Louis DuBois was a Huguenot colonist in New Netherland who, with two of his sons and nine other refugees, founded the village of New Paltz, New York. These Protestant refugees fled Catholic persecution in France and Belgium, emigrating to the Die Pfalz, the Rhenish Palatinate in modern Germany, before going to New Netherland where they settled in Wiltwyck and Nieuw Dorp, Dutch settlements midway between New Amsterdam and Beverwyck (today known as Albany, New York) before ultimately founding New Paltz.
Born October 21, 1626 in Wicres, Artois France, to Chretien DuBois, Louis married Catherine Blanchan at Mannheim, Germany, October 10, 1655. He came to New Netherland probably in 1661.
DuBois and the others bought a 40,000 tract of land from the Esopus Indians in 1677. The tract, known in 17th century colonial New York as a "patent," stretched from the Hudson River to the Shawangunk Mountains. DuBois was one of eleven men to begin settling on a rise over the Wallkill River, in the center of the patent, in 1678.
In the early years, DuBois and his fellow patentees governed the land communally. In 1728, they created a more formal form a government called "The Twelve Men" (later known as the Duzine). This body consisted of one elected representative for each patentee families. Membership was restricted to their descendants through either male or female lines. To this date, some of the DuBois land is still owned by the family descendants. In 1785, the New York State Legislature confirmed the actions of this body. Although a standard form of town government was established in the late 1700s, the Duzine existed in at least ceremonial form into the 1800s. In the later years of the Duzine, the members were consumed with lawsuits defending the boundaries of the New Paltz patent. At one time, the Duzine hired Aaron Burr to represent them in such a lawsuit.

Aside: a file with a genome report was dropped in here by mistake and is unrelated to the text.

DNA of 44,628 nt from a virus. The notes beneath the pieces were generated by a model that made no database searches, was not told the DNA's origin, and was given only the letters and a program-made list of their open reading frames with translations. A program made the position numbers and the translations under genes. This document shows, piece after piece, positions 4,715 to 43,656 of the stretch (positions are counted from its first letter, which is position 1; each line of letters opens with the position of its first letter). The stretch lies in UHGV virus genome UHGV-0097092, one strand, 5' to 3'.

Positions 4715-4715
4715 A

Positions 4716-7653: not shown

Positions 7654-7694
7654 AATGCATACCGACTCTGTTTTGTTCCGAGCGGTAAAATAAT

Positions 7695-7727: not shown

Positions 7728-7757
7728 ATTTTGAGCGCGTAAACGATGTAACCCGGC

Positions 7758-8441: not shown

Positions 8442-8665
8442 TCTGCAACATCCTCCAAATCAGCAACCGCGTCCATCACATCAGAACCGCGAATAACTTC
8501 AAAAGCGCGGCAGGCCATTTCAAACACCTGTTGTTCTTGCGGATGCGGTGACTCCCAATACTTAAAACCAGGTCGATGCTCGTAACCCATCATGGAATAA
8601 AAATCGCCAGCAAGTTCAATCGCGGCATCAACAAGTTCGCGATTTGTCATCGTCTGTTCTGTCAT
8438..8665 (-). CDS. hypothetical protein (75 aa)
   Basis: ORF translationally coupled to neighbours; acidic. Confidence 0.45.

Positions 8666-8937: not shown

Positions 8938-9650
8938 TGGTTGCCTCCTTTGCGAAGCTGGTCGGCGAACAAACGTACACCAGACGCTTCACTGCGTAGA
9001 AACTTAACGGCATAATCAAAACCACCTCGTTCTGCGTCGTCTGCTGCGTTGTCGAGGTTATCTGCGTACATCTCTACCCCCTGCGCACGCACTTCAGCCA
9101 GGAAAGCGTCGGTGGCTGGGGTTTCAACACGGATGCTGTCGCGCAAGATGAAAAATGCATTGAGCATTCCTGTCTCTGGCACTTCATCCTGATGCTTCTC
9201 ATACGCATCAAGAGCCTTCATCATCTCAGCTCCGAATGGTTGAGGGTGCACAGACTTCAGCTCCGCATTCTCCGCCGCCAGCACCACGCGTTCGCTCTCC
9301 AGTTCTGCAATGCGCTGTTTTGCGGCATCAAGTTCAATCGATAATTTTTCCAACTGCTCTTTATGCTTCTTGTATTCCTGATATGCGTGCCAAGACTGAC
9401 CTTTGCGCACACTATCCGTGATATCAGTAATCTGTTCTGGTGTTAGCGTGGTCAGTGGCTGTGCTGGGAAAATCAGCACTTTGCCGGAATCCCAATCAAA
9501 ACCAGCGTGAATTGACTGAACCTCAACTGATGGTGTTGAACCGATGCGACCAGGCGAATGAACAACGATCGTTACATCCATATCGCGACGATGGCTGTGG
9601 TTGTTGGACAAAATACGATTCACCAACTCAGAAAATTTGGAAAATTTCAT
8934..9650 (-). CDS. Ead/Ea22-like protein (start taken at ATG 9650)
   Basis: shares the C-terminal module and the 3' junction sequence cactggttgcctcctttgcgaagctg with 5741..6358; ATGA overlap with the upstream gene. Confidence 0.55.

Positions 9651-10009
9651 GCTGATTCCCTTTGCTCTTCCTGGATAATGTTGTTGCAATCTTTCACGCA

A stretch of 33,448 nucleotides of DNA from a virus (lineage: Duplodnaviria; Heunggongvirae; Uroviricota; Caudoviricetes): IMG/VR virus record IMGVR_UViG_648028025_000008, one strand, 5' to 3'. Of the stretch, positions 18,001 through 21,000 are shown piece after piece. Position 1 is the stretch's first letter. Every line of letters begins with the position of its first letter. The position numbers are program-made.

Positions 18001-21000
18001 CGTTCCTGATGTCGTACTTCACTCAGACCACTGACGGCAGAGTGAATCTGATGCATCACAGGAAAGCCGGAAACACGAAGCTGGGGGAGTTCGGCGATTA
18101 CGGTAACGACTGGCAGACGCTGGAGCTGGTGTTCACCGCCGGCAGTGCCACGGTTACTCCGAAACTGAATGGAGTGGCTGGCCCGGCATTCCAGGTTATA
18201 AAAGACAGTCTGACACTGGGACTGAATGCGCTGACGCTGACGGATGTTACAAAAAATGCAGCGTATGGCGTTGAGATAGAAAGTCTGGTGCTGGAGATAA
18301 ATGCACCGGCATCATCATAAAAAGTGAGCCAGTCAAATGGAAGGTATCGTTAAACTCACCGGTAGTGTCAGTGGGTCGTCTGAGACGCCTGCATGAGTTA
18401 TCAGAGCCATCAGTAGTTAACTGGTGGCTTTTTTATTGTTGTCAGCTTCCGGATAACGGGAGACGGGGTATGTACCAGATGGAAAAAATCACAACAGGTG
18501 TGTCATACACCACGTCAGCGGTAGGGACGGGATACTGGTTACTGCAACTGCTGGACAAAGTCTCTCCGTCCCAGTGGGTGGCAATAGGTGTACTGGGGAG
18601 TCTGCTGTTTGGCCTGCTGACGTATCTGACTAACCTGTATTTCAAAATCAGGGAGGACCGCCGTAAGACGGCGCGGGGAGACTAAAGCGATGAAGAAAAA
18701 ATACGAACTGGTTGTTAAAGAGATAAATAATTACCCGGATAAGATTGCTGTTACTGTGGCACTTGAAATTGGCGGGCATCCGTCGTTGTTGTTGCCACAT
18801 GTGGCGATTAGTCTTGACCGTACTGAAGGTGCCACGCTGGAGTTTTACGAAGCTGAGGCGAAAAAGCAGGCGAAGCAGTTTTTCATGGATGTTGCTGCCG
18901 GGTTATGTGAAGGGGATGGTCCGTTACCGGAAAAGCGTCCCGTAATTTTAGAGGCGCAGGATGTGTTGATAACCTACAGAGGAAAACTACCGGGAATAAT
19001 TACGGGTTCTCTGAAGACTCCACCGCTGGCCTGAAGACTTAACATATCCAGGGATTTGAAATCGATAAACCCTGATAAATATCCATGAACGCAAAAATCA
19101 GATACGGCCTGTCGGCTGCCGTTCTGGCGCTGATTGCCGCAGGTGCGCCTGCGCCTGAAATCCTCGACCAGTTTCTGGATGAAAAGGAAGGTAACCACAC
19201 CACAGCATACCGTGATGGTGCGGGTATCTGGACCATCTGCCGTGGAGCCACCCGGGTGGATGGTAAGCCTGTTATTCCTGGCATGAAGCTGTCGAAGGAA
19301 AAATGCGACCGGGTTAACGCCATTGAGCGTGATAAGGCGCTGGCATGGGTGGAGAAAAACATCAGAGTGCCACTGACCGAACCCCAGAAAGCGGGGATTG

Louis himself eventually returned to Wiltwyck, by then known as Kingston, where he died June 23, 1696. His widow remarried, and in her will freed two of her slaves.
The original settlement of Louis DuBois and his fellow patentees survives today as Historic Huguenot Street, a National Historic Landmark District. The site includes the DuBois Fort, a colonial stone house built by one of Louis' sons.
W.E.B. DuBois is said to be grandson of a loyalist descendant of Louis DuBois' brother who left for the West Indies. Most DuBois descendants supported the revolution, though, and now, descendants of the family's "French father" can be found in every state of the union.